Russia tightens grip on its national net
Russia has formally adopted a law that gives its government more control over its domestic internet.
The law means the systems that exchange data between the networks forming the Russian internet must share more information with government regulators.
It also lets regulators exert direct control over what Russians can post, see and talk about online when national security is threatened.
Russian net firms have until 1 November to comply with the law.
Widespread protests were mounted in a bid to stop the law being passed.
The legislation is part of a long-running plan within Russia to rely less on networks outside the country to help data reach its destination.
Instead, Russia wants traffic sent between its citizens to stay inside its cyber-borders instead of travelling across international networks, over which it has less control.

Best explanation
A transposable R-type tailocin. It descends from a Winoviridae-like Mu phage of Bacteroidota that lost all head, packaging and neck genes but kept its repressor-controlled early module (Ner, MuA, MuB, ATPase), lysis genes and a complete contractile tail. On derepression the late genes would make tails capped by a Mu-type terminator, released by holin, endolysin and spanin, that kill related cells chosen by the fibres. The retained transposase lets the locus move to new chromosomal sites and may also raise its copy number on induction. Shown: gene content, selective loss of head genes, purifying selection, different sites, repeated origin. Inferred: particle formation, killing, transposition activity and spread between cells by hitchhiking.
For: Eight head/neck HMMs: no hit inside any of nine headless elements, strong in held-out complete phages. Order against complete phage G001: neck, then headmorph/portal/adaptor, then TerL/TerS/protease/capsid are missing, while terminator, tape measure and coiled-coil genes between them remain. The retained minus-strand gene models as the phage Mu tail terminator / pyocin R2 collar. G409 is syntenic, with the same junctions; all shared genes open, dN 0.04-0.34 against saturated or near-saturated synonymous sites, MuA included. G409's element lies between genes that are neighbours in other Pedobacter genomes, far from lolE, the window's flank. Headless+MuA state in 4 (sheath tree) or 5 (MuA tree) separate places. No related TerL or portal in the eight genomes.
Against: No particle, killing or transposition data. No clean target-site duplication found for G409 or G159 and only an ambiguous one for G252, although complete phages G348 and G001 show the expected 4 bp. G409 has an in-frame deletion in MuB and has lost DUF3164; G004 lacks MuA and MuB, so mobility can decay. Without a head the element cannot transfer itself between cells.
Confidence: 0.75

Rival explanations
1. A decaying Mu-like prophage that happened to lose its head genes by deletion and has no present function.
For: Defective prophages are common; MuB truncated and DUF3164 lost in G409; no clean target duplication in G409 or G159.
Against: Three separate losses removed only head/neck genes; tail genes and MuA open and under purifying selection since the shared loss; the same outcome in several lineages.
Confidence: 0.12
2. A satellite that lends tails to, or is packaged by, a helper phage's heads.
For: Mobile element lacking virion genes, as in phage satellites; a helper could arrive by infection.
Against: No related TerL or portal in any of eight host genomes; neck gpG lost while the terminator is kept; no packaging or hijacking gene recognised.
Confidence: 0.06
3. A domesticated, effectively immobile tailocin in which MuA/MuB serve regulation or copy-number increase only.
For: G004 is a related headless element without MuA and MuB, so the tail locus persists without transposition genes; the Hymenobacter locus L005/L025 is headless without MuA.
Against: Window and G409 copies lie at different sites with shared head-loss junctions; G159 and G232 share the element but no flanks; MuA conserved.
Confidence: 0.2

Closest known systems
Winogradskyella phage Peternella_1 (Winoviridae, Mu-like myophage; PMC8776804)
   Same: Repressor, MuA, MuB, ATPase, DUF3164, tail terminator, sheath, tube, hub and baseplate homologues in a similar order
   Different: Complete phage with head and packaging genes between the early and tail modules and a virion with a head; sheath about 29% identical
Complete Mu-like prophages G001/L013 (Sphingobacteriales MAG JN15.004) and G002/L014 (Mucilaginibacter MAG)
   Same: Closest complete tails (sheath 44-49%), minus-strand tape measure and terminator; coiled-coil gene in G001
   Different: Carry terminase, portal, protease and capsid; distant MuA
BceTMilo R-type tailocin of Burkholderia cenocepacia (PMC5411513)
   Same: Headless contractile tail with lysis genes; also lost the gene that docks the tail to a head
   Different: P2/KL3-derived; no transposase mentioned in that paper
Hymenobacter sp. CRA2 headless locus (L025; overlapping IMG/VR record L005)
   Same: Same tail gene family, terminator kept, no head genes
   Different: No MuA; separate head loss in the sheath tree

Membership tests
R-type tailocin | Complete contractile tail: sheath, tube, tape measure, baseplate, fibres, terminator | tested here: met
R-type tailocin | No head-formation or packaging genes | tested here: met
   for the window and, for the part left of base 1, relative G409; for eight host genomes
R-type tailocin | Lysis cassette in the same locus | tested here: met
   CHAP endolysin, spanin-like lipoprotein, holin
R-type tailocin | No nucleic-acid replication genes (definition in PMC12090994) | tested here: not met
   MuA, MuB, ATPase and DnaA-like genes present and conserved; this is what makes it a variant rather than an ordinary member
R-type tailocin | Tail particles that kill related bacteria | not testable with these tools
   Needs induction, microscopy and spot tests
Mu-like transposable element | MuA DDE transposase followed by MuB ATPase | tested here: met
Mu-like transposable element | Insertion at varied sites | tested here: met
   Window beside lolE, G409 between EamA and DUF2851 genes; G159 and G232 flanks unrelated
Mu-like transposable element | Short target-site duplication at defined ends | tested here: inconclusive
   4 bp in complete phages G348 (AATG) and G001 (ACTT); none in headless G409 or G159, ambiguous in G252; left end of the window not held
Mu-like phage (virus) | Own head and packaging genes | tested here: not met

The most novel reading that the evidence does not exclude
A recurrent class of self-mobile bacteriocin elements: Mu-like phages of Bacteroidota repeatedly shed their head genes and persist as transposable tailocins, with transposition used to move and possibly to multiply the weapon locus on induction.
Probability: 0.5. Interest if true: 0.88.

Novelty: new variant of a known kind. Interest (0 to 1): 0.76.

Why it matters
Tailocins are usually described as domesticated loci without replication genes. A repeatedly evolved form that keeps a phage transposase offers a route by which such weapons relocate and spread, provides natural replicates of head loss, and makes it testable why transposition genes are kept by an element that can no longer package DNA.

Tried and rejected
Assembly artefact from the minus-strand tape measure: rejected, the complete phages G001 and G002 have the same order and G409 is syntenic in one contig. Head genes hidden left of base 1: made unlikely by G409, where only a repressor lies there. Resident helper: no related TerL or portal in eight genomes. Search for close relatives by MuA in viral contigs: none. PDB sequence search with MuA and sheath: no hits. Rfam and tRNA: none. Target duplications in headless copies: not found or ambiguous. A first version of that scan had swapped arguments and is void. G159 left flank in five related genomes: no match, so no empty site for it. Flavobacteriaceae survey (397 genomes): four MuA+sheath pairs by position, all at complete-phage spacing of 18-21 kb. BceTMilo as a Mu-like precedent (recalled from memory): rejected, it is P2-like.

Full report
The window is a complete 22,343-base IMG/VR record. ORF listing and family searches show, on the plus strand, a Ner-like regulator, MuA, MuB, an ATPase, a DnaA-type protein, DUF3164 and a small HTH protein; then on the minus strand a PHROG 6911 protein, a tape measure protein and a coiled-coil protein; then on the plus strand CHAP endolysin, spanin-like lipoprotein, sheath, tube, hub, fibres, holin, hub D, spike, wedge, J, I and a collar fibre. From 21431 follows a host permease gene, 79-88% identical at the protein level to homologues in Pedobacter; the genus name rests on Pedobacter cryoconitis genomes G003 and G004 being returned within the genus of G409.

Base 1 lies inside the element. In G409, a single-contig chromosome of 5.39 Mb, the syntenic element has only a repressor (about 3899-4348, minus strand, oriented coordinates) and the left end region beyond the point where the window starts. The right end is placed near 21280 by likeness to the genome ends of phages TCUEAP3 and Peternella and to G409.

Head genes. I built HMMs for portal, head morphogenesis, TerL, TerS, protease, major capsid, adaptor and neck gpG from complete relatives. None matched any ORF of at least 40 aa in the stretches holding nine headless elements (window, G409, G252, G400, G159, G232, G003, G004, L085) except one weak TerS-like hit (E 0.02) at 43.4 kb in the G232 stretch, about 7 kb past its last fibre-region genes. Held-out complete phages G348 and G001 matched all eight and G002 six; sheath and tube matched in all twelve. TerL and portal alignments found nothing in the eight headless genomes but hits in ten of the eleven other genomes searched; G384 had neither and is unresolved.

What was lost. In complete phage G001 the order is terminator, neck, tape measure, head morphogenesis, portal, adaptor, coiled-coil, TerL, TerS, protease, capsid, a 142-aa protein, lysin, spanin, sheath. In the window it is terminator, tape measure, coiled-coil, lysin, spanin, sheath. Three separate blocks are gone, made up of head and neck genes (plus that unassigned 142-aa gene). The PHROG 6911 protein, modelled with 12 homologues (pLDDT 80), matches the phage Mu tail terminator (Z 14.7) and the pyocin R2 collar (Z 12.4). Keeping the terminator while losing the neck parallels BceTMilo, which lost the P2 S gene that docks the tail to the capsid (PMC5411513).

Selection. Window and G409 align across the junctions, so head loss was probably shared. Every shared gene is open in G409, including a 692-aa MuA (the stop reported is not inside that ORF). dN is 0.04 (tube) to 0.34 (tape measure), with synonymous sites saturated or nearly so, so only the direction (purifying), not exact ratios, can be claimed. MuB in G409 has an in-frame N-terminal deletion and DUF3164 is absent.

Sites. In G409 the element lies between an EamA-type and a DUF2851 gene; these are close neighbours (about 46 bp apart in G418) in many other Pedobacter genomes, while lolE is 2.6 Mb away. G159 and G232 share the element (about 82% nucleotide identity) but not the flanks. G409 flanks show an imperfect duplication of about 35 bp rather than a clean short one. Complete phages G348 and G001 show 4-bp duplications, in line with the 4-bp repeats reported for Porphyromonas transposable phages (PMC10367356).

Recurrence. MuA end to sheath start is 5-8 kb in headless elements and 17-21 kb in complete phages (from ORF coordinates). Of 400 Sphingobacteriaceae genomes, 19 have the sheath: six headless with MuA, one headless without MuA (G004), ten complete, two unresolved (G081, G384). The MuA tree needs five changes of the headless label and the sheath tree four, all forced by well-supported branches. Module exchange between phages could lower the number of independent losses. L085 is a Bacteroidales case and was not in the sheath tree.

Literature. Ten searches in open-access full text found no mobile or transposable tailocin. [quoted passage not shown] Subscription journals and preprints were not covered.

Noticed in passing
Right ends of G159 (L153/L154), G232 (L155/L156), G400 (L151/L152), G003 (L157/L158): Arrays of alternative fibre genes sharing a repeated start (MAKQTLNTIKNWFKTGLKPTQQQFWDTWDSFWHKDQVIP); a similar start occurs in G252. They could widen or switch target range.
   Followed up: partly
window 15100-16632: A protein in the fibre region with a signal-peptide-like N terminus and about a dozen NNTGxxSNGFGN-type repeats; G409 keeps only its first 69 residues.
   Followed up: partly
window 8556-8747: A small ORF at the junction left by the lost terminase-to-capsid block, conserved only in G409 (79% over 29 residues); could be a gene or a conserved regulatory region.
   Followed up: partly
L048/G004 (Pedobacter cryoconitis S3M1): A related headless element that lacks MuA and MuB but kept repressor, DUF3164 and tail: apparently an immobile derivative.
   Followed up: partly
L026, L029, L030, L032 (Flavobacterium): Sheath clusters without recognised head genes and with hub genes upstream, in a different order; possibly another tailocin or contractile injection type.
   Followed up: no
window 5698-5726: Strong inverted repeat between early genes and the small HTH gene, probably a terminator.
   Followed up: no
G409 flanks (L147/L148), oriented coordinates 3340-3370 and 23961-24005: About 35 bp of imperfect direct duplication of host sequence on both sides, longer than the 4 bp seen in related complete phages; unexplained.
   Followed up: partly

To help with this project, Russia is also working on developing its own net address books so it can operate almost autonomously, although this work will not take effect until 2021.
Eventually, the Russian government wants all domestic traffic to pass through routing points over which it has close oversight.
The Putin government has said the law is needed because of ongoing threats from many nations to retaliate over Russian meddling in elections and politics.
Analysis published early in 2019 suggested the law was part of an effort to set up a mass censorship system similar to that operated in China, which tries to scrub out chat about controversial subjects.
Russia has also recently passed laws that ban "disrespect" of the government. Repeat offenders who are blatant in their criticism of the state, its officials and Russian society could face up to 15 days in jail.